Scott Zolak | Episode 4 Transcript:
Welcome to Strength in Numbers, the podcast where we show you that together we can overcome any obstacle. Join us as we bring on world renowned experts in the field of grit, determination and perseverance. Lean on us for a prosperous future together. Here's your host, Colonel Tim Nye and Neal Keohane.
Tim Nye (00:31):
All right, so welcome up to Strength in Numbers. My name is Colonel Tim Nye, retired Colonel Tim Nye, and I'm joined by my good friend and co-host Neal Keohane. Today we have a special guest with us and that's Mr. Scott Zolak, former NFL quarterback and a very popular sports talk show host in the Boston New England market. Co-host of Zo and Beetle on 985, The Sports Hub and they cover all the Boston sports.
Neal Keohane (00:59):
And he also does the voice of the Patriots, Colonel. So, he crushes it here.
Tim Nye (01:04):
Voice of the Patriots. All right. [Crosstalk 00:01:04]
Scott Zolak (01:04):
Colonel, who are you a fan of? Just all of them?
Tim Nye (01:09):
Well, I'll tell you what, I'll jump into that real quick. I grew up a Boston fan. I grew up early life in Maine, in both Bangor and then way up top in Caribou. I've got family in the Boston area. So, I'm about 10 years older than you. I grew up, I remember being in fifth grade and then wheeling in the AV cart for us to watch the '67 World Series with Yastrzempski and Lonborg and Conigliaro and all of those guys. I was already 10 years old. So anyway, now having said that, I was a Packer fan, New England, wasn't... They were right, just kind of starting up back then. So I'd grown up a Bruins, Celtics, Red Sox fan, and a Packer fan. [crosstalk 00:01:57]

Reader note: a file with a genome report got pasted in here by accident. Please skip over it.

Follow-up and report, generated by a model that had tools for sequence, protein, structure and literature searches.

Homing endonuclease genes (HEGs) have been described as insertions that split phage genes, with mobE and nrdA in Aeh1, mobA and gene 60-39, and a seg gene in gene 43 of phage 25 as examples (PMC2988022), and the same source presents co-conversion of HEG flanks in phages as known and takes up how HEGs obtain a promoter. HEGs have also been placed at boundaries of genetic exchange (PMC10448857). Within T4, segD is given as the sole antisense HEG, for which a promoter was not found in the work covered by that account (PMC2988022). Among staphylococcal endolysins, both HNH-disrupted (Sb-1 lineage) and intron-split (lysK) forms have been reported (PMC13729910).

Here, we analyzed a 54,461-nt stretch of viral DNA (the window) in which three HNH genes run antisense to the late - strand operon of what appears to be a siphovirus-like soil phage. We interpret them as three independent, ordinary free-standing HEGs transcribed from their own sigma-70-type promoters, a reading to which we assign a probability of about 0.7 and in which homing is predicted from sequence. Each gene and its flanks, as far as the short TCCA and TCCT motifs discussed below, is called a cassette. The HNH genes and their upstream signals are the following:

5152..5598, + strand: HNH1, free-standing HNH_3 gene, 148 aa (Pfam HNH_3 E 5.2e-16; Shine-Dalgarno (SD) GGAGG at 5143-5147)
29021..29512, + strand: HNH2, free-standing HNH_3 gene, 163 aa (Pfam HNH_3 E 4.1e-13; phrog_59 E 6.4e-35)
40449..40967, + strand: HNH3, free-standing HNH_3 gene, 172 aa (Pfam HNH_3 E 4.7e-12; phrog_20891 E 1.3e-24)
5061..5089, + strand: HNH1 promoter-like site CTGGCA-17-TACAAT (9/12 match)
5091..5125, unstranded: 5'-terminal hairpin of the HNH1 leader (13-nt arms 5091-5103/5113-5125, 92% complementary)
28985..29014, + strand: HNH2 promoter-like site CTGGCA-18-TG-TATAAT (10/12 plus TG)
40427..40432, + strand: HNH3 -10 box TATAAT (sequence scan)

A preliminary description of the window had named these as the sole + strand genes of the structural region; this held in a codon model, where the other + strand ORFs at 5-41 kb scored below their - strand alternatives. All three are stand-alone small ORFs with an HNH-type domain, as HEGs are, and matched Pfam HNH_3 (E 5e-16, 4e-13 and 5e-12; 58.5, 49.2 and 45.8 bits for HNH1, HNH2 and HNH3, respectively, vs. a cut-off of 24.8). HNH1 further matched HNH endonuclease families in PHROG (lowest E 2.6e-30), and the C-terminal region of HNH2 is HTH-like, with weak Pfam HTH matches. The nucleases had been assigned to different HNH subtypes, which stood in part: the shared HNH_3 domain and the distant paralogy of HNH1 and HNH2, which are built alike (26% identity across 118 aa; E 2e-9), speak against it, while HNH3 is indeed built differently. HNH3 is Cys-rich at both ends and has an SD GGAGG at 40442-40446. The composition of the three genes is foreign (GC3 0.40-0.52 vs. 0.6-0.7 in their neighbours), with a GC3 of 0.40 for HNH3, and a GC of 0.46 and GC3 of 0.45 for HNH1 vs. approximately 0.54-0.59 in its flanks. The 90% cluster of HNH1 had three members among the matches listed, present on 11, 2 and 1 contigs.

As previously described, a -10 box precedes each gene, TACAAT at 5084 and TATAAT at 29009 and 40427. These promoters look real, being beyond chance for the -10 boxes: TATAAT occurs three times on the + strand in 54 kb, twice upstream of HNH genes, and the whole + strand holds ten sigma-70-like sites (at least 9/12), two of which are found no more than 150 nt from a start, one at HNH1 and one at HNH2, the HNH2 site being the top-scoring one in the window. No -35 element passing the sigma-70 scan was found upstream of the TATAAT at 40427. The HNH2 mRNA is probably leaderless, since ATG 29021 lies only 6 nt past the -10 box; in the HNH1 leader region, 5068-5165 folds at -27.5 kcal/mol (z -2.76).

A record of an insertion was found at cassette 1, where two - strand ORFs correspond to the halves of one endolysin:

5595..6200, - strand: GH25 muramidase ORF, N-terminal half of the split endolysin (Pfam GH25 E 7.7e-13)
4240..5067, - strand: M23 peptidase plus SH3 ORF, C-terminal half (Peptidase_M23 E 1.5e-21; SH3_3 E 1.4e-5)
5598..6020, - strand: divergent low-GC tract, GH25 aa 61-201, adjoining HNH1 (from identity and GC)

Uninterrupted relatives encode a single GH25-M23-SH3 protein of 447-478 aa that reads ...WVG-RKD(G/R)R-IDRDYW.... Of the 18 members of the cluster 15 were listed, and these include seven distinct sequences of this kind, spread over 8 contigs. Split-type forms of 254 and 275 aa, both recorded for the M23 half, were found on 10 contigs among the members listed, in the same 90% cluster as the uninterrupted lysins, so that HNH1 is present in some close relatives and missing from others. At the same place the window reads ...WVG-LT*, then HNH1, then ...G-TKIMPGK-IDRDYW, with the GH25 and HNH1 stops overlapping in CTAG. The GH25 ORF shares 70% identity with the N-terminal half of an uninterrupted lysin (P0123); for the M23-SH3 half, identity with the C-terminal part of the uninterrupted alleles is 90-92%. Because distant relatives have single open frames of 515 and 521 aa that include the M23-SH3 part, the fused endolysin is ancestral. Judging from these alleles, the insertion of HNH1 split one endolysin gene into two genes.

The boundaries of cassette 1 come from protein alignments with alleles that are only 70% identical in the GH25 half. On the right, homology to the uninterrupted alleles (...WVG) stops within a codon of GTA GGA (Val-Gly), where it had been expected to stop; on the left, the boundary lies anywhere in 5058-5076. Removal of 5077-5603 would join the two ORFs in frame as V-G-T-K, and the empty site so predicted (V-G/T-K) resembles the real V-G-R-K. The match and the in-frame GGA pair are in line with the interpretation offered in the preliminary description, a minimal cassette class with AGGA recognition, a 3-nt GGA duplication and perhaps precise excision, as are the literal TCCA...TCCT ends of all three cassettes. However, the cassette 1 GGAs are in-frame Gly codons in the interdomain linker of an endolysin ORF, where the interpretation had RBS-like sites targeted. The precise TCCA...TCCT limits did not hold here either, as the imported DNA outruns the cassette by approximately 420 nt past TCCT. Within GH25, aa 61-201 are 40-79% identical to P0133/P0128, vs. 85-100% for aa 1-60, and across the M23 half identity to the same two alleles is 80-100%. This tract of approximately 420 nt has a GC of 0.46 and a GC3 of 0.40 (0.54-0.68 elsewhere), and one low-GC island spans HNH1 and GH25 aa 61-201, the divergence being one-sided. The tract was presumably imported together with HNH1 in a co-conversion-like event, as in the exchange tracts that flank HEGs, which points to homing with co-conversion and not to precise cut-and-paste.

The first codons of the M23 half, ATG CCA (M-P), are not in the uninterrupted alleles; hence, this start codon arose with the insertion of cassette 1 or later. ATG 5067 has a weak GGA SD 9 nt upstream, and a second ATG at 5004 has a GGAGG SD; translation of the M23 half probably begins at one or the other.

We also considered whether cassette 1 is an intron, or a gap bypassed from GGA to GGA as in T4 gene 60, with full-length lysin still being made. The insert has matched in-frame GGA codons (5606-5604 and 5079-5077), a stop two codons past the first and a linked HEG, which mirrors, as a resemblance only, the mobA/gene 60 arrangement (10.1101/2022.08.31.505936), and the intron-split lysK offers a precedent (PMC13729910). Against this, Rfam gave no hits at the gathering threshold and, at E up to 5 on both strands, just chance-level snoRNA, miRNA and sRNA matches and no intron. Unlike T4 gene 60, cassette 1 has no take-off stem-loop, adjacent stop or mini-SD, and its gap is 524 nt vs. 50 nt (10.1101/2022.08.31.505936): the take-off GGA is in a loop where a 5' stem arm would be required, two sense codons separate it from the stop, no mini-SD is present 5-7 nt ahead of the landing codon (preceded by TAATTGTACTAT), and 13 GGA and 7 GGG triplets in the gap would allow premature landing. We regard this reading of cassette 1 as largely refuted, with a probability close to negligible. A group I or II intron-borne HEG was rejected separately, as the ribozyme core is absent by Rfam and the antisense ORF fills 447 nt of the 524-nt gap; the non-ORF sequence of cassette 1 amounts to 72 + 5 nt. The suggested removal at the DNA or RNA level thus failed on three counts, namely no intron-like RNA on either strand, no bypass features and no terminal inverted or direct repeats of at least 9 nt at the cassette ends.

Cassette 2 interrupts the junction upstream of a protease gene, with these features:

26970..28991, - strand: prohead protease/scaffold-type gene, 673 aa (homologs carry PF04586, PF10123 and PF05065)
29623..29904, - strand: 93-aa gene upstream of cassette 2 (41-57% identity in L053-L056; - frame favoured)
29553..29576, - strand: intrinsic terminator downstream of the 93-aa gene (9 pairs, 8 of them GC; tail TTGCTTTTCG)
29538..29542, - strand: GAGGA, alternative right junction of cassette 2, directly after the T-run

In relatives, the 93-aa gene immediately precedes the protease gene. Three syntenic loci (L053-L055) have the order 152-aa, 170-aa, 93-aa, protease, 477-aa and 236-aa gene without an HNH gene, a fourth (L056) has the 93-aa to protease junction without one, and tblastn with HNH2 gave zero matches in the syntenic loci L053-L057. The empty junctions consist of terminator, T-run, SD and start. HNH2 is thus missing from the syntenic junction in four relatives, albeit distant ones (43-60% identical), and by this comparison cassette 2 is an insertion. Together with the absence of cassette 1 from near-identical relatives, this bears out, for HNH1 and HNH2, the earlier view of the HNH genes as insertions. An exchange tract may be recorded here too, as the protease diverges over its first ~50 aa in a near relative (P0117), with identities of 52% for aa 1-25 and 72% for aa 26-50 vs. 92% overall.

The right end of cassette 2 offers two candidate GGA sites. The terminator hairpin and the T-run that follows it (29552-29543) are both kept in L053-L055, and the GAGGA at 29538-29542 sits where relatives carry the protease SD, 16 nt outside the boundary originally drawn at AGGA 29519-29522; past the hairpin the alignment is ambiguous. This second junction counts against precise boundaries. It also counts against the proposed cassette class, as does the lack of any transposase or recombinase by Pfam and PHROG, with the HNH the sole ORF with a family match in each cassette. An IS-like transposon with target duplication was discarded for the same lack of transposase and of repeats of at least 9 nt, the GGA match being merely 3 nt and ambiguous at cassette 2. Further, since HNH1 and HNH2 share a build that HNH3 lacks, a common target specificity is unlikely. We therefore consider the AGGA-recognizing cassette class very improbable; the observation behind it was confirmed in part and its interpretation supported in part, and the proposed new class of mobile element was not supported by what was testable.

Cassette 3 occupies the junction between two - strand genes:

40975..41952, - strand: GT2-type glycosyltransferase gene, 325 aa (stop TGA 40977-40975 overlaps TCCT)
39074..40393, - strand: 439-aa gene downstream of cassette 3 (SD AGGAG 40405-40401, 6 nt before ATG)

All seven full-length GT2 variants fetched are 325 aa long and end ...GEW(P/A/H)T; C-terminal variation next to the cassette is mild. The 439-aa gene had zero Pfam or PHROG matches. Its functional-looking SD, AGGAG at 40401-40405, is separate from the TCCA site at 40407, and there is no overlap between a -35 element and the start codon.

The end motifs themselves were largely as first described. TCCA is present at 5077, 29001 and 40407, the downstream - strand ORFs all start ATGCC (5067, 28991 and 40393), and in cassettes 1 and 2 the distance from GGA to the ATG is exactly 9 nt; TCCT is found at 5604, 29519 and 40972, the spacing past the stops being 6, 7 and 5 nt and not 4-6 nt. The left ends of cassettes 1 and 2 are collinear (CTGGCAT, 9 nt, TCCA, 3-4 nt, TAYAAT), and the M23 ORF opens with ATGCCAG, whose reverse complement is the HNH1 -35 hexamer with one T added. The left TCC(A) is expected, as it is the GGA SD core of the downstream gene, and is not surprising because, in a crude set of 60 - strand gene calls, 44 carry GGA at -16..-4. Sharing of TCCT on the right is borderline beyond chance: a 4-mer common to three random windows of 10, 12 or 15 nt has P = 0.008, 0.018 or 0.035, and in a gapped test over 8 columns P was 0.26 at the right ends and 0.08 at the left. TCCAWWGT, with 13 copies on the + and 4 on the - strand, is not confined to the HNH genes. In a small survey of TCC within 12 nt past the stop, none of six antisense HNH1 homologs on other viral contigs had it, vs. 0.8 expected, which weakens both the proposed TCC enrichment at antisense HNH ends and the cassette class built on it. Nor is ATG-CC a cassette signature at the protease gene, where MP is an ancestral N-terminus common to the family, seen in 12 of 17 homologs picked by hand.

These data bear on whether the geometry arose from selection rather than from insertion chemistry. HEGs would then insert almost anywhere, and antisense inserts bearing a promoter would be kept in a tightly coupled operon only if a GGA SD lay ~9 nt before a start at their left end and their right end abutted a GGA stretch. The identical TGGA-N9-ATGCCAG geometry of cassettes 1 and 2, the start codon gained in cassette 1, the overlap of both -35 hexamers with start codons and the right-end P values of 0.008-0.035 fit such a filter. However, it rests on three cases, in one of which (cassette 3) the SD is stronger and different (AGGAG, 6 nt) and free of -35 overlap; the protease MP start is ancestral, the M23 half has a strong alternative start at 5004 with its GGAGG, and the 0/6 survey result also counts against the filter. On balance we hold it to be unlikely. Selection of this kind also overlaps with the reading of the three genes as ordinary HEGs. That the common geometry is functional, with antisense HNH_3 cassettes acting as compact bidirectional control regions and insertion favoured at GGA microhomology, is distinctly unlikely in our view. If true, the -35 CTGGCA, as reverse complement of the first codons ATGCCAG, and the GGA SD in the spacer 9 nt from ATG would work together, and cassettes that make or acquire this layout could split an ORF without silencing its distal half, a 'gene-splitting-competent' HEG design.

Scott Zolak (01:56):
So you're in good company with all those.
Tim Nye (01:58):
I just want that out of the way. All right. Before we get too much further, I just want to say, make sure you guys are subscribing, hit the subscription button down below. We do this to try to generate some interest and quite frankly, revenue for military-themed charities. So we want to talk to people who have experience in grit, determination, perseverance backgrounds, exceptional people who can kind of give us some tips on how they've come through all of these different things, life lessons. And then anyway, if you like us, stick with us and hit the button.
Neal Keohane (02:35):
Thanks, Colonel. Okay. So, Zo why don't you, and now that you've people outside of Boston and New England, but this might get to California, Texas, who don't know you, but why don't you tell us a little bit about some of your background? I mean, I can tell you, you were the man on campus at Maryland, and then you made the jump into the NFL to the Patriots. Was that a big transition for you? Was that a shocker or was it all smooth and...
Scott Zolak (03:03):